It’s as predictable as your uncle saying something off-colour during Christmas lunch: the annual slew of scare stories about the risk of gaining a few kilos over the festive season. Let’s make a pact to ignore them all, suggests Kristin Hall.
One of the last things I remember my mum saying to me before she died was “are you really having another bowl of dessert?”
It was Christmas day, and despite my less than aspirational skills in the kitchen I had spent the best part of 42 hours making an Annabel Langbein-worthy feast for my family of six that, thanks to an aggressive bout of cancer, was soon to be five. So the short answer was yes, I did need more fucking dessert.
My mum was a kind person. She was selfless, a wonderful listener and a better Christian than I had ever attempted to be. I am sure she said some nice things to me before she died a few days later, but I don’t remember them, because that comment stuck in my head, and has done ever since.
Perhaps that’s because the sentiment in the sentence I heard that day has been repeated to me, in multiple forms, via multiple mediums every Christmas, New Year, Easter, winter, and any other time of the year when a woman might commit the grievous sin of putting on some weight.
If you follow enough news websites, a simple scroll through Facebook during the entirety of the New Zealand summer is pretty much like standing in front of an unnecessarily condescending personal trainer who is a Twitter egg in his spare time.
‘The season of overindulgence is upon us!’ the Herald helpfully informs along with a stock image of a slim woman pinching some skin.
The opening line is an absolute abomination which suggests not only that possessing a muffin top and going to the beach are mutually exclusive circumstances, but that attempting to do both would throw us all muffin-first into the deepest chasms of hell.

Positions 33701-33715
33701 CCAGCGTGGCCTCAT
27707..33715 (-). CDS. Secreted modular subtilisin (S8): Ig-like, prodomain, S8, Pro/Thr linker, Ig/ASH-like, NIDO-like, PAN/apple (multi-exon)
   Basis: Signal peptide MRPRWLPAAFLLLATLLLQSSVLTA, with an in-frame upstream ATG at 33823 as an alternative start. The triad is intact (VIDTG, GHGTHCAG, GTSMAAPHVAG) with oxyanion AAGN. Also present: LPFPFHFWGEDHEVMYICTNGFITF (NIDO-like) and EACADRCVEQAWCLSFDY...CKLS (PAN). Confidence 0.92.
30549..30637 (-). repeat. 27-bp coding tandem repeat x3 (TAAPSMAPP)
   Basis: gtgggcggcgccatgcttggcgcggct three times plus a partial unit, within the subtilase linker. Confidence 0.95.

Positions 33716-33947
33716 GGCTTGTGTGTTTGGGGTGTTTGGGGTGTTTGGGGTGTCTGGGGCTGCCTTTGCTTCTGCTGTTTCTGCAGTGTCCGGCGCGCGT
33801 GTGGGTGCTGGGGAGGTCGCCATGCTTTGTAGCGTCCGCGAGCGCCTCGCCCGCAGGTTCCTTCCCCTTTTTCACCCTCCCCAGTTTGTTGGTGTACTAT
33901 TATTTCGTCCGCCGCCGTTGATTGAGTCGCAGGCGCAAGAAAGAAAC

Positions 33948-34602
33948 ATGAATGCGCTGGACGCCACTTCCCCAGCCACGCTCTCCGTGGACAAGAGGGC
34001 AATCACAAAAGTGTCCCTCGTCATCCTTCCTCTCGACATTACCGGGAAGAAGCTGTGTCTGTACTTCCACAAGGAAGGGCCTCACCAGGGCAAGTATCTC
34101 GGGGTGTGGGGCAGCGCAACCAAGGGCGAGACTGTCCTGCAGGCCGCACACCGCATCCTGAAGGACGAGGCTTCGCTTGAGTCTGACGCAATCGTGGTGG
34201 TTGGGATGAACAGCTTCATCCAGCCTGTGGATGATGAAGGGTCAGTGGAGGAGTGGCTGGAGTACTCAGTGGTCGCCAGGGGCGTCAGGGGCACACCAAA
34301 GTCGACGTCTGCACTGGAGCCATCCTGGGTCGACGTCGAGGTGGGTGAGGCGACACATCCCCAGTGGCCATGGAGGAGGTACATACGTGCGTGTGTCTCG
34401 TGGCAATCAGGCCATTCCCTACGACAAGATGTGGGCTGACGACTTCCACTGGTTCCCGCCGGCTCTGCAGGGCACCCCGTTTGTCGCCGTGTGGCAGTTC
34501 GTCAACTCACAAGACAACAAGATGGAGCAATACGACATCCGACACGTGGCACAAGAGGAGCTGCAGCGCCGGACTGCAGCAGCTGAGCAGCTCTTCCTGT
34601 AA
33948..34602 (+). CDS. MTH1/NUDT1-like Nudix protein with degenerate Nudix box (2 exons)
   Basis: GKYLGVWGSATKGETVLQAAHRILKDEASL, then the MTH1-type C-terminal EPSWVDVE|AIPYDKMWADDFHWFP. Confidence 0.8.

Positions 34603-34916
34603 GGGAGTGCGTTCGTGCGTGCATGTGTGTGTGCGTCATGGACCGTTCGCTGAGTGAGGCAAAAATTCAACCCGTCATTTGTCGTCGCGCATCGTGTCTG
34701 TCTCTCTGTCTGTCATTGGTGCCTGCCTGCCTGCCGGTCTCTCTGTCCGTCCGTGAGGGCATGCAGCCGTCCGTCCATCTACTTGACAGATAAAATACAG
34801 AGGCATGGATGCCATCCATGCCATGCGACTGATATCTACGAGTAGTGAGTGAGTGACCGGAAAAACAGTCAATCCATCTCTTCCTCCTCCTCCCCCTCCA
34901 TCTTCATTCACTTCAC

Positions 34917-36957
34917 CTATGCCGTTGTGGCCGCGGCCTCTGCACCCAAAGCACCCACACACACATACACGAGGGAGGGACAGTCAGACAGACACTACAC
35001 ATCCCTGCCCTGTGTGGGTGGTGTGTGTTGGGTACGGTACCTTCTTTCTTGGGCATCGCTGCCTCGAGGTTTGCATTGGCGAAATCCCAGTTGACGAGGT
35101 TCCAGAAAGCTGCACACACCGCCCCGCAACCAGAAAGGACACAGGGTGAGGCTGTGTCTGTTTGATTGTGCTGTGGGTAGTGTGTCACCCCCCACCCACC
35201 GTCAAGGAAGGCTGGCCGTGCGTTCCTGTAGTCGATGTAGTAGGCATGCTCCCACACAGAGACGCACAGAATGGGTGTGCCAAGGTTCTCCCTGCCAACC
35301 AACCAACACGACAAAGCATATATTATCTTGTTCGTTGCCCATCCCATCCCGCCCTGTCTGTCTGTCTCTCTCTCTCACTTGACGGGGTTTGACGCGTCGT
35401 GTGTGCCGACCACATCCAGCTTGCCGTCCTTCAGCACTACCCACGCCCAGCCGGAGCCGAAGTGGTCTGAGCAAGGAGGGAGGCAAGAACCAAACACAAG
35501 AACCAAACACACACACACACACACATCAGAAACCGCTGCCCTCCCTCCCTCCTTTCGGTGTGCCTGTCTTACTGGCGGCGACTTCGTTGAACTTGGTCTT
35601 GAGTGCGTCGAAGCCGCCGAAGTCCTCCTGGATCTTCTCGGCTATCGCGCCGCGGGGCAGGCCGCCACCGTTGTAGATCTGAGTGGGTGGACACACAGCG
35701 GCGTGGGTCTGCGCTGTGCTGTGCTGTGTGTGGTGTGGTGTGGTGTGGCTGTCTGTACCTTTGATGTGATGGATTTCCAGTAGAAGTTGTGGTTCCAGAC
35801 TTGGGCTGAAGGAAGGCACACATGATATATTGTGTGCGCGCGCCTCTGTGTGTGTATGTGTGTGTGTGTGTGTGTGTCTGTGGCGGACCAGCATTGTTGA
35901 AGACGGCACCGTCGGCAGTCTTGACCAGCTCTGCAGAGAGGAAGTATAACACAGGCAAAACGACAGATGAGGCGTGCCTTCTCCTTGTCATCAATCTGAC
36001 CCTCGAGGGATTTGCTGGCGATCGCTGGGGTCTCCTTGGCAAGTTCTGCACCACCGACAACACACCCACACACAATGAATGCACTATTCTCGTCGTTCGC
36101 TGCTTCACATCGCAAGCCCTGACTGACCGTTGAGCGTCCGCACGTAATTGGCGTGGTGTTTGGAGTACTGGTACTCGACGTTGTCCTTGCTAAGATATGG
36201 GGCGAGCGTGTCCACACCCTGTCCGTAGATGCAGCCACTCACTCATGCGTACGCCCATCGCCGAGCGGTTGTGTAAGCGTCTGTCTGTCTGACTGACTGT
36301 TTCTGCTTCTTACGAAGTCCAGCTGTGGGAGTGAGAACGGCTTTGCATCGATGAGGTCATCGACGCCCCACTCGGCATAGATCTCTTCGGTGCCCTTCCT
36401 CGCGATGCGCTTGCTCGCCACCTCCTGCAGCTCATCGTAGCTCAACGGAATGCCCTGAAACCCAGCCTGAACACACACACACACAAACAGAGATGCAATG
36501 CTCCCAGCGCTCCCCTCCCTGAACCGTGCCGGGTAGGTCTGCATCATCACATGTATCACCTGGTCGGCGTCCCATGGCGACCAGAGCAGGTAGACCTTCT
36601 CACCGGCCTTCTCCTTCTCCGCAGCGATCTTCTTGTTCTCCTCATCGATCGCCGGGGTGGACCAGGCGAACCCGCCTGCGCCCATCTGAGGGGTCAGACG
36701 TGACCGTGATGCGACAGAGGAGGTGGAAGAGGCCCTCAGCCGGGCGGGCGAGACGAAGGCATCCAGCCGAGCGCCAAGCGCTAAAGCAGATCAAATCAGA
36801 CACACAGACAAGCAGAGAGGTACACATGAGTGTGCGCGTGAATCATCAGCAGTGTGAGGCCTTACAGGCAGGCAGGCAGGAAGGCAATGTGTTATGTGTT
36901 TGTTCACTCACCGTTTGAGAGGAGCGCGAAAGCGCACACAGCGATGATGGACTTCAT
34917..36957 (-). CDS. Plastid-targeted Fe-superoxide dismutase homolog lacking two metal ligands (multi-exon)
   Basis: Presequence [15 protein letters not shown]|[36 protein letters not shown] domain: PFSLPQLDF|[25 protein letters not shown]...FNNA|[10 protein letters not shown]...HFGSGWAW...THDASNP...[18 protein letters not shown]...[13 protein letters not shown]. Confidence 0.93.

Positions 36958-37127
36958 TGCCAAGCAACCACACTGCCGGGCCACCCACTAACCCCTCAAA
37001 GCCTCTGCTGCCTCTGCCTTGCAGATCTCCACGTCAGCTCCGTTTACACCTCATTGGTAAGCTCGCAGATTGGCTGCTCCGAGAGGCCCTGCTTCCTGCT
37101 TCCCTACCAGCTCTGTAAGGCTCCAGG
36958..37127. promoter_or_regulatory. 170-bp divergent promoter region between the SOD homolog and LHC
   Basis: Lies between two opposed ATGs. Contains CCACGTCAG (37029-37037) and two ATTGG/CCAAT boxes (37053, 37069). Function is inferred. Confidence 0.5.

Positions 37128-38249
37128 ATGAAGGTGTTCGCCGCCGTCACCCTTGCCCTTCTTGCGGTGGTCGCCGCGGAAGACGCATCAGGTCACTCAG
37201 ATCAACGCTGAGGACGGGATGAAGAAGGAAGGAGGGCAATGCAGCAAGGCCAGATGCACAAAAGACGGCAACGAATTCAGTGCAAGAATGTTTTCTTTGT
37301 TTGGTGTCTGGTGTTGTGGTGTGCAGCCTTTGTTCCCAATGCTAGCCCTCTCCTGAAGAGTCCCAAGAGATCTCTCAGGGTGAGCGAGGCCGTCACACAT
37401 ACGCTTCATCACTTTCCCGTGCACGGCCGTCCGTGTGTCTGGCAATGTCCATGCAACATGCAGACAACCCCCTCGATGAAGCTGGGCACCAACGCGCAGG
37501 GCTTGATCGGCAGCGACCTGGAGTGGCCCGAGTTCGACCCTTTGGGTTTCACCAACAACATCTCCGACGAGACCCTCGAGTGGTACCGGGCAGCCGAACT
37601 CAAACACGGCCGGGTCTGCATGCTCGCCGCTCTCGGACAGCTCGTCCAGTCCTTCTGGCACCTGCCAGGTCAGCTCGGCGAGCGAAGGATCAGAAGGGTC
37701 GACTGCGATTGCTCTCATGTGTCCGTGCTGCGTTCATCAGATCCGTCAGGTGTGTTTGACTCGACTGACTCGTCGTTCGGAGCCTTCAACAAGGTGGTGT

Then there are the less catastrophic, but nonetheless annoying examples brought to you from the ‘No Shit Sherlock’ Department of the exercise industry.
“Christmas is approaching fast, and many people not only tend to ruin their usual diets, but they also gain a few extra pounds. Based on studies, most people tend to gain additional weight during the holiday season helped by lack of physical activity and exercise.” (source)
Ask a fat person what causes weight gain, ask a skinny person. Everyone knows the answer, but we just don’t want to hear the answer when it’s nearly the end of the year everyone said was going to be better than last year but wasn’t, and we all just want to be muffin deep in trifle for a few goddamn days.
And remember, this is pre Christmas, which means post Christmas there’ll be so many panicky headlines you’ll be chanting ASHY BINES BIKINI BODY while attempting to laugh and eat salad in your sleep.
Here’s a sneak peak of what you’ve got to look forward to:
I spoke to some friends and internet strangers about how the summer season made them feel about their bodies. The resounding answer was ‘not very good’, and given the sheer volume of chia infused fitspo bullshit you’ve got to wade through each Christmas and New Year, that’s hardly surprising.
There was a time I dreaded the first day back at work after the summer holidays, not because of the harsh realities of tuna scented microwaves, missing forks and workplace farts but because of the inevitable onslaught of weight related chat.
Female colleague 1: “Omg I ate so much I look gross”
Female colleague 2 (sometimes me): “No babe you look amazing, I look gross”
Female colleague 3: “You’re both so skinny and I am definitely the grossest.”
And so the circle jerk of self flagellation in exchange for compliments continued until we all hated ourselves a fraction less and could continue with our work until Easter.
None of this happens by itself. It happens mostly because of shitty articles and shitty advertising but if we can’t convince news outlets to stop republishing trash from the Daily Mail, we could start being nicer to each other and to ourselves. If you are in a position of influence in someone’s life, give them the gift of heavenly silence this festive season and don’t comment on what they eat, if they’ve gained or lost weight, or how many calories you think three plates of cheese platter has in it. Sally knows it’s a big slice of pav because she cut it herself and put it on a dinner plate instead of a saucer because the saucer was too small. If Sally later feels guilty about the pav, remind her that Jesus died so she could eat that pav (or something like that) and that you love her.
Christmas should be a time of irreverent fun and abandon for everyone, and yet, for many, it’s a time that signifies guilt and self hatred that has been internalised for so long we barely blink an eye when it’s still two weeks away from Christmas and we’ve got articles, friends and family members telling us how to get rid of that dastardly centimetre of stomach fat that may or may not accumulate from a unmercifully short period of having a good bloody time.
Your dad didn’t win three hams in three separate Christmas raffles for no reason, that’s the world telling you it’s your civic duty to eat the ham because you deserve it.
Have a Merry Muffin Christmas.
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